Irish News

Tuesday 30 September 2014

Louis Walsh settles 'grope' case

Published 28/11/2012 | 03:29

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X Factor judge Louis Walsh, centre, speaks to the media after his defamation case

X Factor judge Louis Walsh has said he will "never get over" The Sun newspaper's defamatory story that he sexually assaulted a man as he settled a lawsuit for 500,000 euro.

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The music promoter, who was falsely accused of groping a reveller in the toilet of a Dublin nightclub, said he would not wish what happened to him on his very worst enemy.

The out-of-court deal was reached after Walsh sued Rupert Murdoch's News Group Newspapers over the June 23 2011 story with the headline "Louis Probed Over 'Sex Attack' on Man in Loo".

Walsh revealed he was gutted and traumatised that the allegation was published. "I'll never get over it," he said.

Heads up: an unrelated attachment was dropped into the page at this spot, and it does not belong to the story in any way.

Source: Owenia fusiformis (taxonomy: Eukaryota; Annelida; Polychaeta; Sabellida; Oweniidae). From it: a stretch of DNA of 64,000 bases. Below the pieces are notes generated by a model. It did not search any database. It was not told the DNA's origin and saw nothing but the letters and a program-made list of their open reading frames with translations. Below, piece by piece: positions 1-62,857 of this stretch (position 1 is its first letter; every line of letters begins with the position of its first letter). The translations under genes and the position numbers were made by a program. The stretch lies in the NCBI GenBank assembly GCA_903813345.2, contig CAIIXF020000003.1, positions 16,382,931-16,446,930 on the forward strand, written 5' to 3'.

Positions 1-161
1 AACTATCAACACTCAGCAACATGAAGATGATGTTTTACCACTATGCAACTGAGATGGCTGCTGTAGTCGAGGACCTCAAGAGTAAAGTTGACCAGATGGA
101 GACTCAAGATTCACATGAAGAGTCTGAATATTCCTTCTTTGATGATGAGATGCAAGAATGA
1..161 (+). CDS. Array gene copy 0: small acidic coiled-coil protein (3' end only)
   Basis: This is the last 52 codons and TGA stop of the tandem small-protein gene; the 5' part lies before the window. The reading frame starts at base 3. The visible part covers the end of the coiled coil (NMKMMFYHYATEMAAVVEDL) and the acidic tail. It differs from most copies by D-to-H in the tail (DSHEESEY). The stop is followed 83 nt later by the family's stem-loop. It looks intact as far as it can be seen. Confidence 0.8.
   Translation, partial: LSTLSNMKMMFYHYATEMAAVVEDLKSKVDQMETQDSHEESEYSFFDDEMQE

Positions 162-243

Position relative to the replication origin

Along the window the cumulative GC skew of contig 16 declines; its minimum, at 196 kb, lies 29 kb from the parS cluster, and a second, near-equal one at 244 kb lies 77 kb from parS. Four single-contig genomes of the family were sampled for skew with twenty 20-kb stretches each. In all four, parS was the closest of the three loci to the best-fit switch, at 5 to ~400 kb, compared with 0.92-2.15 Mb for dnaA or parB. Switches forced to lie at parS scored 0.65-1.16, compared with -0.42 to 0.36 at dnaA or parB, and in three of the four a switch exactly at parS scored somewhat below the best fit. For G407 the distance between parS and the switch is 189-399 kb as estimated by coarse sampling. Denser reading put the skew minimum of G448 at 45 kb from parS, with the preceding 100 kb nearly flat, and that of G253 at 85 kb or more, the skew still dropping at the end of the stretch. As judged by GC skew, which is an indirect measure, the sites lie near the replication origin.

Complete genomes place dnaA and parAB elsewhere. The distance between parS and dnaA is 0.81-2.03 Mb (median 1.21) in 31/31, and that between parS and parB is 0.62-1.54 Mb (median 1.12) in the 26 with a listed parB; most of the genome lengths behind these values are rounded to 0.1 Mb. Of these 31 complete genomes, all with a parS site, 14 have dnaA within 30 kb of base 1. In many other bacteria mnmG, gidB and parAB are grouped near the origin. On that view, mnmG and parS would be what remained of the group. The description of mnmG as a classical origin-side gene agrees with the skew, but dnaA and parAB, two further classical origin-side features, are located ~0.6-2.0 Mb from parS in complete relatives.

"Nothing can ever compensate me for the damage that was done to my reputation by The Sun and the trauma it caused to me, my family and close circle of friends."

Unemployed dance teacher Leonard Watters was jailed for six months in July for wrongly accusing Walsh of groping him in a celebrity Dublin nightclub after a Westlife concert in April 2011.

Flanked by his legal team on the steps of the Four Courts in Dublin, Walsh continued: "This has had a terrible effect on me, guys, because it was all lies. I'm very satisfied with this total vindication for me, but I remain very angry at the treatment I received at the hands of The Sun. And the story did start with The Irish Sun."

The 500,000 euro payout was agreed before the President of the High Court, Mr Justice Nicholas Kearns, the day before Lord Justice Leveson's report on media standards and ethics is published. The settlement will also see The Sun pay Walsh's legal fees, which are an estimated 175,000 euro.

The paper previously accepted the accusation was false but initially denied defamation, saying that it had acted fairly as the story was based on police inquiries into the allegation.

Eoin McCullough, senior counsel for News Group Newspapers, read a statement to the court apologising to Walsh. "The Sun fully accepts that the alleged assault did not occur in the first place and Louis Walsh is entirely innocent of any such assault," said Mr McCullough.

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